I would recommend this book mainly because it deals with such important issues and I think we all need to have our prejudices challenged from time to time. It is because of this that I persevered with this book, but I fear that many others will not.
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41 of 43 people found the following review helpful By Penny de Vries on 4 Nov. 2010
Format: Paperback
Hearts and Minds enthralled me. The over-riding theme is the effect of immigrants, both legal and illegal, on modern-day life and how individual responses to this phenomenon define and challenge different people in different ways. The lives of six characters (five being human, the other London) are intertwined in an uncontrived manner. The five characters hail from South Africa, Zimbabwe, Ukraine, USA and England respectively. As a South African, I particularly loved the insight the writer has into subtle aspects of our country. This is unusual as in my experience only South African writers manage to capture these nuances. Even the fact that one character claims, incorrectly, that white people cannot work as teachers in schools in SA because of their colour, it is true that many white people do talk this way. (The facts are that despite affirmative action only 5% of whites are unemployed while 40% of blacks are unemployed).

The other aspect I loved about the characters is that they are so human and so real; Polly is a human rights lawyers and believes fervently in her cause; helping those who deserve asylum and trying to prevent their deportation yet she is not "goody-goody" or perfect; the reader is privy to all her insecurities and also frivolities. Job, the Zimbabwean, is a very good person but he also strays. The outsider view on the English as expressed in different ways by the characters is also very insightful and amusing. London too is a character in this novel; not glorified or prettified but shown as big, bustling, impatient, exclusionary, grimy but also pretty and village-like at times.

The storyline is compelling, I could not put it down but it is by no means one of those formulaic page-turners that I despise.
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22 of 23 people found the following review helpful By PL McIlroy on 23 Jan. 2011
Format: Paperback
My heart and mind were moved to tears many times as I read this book.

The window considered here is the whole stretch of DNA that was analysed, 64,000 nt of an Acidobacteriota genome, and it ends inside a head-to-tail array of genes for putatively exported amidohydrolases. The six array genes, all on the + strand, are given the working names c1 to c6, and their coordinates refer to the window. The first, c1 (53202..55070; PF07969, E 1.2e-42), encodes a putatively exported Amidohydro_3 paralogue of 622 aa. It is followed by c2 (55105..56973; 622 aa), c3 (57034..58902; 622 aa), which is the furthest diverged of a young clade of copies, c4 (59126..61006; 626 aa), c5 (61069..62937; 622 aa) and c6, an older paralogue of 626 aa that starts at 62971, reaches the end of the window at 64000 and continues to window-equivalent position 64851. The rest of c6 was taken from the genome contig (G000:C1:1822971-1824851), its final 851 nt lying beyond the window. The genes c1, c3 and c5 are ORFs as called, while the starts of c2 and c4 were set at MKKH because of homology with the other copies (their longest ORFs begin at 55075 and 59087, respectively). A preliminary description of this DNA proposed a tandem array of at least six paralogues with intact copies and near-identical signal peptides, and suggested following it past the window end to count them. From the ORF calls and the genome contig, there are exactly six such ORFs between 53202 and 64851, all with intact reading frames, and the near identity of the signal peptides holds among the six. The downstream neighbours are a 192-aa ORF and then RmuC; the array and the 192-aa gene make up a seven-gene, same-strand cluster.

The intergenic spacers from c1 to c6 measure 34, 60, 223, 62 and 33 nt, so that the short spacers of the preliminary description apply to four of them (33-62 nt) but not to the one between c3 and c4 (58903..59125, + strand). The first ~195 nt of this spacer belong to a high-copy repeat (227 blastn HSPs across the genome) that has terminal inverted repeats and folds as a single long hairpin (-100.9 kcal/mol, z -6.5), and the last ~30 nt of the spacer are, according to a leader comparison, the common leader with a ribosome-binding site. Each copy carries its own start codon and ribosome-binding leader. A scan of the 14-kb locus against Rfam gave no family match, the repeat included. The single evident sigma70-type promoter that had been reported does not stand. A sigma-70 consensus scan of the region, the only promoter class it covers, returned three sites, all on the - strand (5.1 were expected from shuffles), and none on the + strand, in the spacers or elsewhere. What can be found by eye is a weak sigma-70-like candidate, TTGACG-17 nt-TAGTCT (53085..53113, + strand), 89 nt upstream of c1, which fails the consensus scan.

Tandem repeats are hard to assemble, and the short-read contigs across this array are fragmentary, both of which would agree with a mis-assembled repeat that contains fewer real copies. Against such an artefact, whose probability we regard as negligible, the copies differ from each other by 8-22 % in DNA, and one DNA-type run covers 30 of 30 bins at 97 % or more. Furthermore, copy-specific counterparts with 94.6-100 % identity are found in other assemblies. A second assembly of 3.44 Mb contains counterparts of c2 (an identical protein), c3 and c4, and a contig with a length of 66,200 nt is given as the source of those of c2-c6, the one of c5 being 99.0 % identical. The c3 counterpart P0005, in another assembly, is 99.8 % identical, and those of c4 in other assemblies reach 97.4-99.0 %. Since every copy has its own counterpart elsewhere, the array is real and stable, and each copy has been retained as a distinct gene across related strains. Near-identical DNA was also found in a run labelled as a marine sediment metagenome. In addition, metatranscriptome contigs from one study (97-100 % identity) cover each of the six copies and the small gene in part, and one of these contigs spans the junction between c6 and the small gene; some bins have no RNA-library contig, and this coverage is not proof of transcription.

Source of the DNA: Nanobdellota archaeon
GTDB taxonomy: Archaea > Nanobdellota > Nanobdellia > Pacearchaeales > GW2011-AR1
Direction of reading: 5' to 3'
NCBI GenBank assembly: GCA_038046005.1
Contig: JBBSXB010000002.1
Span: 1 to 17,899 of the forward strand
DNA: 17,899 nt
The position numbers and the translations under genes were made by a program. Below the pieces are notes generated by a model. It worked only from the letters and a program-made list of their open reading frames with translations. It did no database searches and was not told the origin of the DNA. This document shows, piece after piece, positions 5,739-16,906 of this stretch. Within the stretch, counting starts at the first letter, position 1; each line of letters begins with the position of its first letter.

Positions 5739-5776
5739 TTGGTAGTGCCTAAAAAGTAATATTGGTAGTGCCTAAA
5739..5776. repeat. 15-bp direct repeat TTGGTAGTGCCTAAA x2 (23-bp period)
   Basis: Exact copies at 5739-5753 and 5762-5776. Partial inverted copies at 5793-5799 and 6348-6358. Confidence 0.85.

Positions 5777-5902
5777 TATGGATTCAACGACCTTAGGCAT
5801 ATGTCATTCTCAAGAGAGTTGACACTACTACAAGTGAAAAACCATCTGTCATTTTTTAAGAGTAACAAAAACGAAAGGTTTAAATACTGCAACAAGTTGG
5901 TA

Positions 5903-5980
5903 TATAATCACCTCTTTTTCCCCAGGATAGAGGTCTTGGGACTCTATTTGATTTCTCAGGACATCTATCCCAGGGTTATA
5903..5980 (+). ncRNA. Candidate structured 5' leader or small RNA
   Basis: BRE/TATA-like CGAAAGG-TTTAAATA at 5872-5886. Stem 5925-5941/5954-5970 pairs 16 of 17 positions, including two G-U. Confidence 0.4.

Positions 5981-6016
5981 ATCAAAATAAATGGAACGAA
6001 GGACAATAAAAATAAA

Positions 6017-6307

The book opens with the murder of woman, followed by what appears to be a random stream of events. We're introduced to Polly, a mother of two kids who feels eternally guilty 'even in sleep'. She's divorced, she has a long distance relationship with a man in America, and she's a human rights lawyer who has an illegal immigrant, Iryna running her house. She understands the irony of her position, but never really appreciates what a positive impact Iryna has on her life until something happens. Ian, a teacher who works at the worst school in London, has an accident on a bike. Katie, an editorial assistant, discovers she's working for the boss from hell and that her home environment holds a few shocks. An immigrant taxi driver called Job finds a way to survive by working two jobs. All of these characters are linked and the beauty of Amanda Craig's writing is the believable, seamless way that she achieves this.

It's impossible to read this book without becoming interested in illegal immigrants as human beings, and that's the point of it I think. It tackles the realities of life that many illegal immigrants face. Contrary to popular opinion they do not all get cushy numbers on benefits, if you have a pet, it will probably live a better quality of life than they do. The law isn't always on their side either; it's shocking what happens to Job in this book.

Ian is exposed to this reality every day, as he tries to teach kids who've seen more horror in their young lives than other people can imagine. One day in his English class he asks a boy called Nadif if he has trouble writing. The boy is 'drawing stick soldiers firing guns at figures falling over in a hail of bullets and blood'.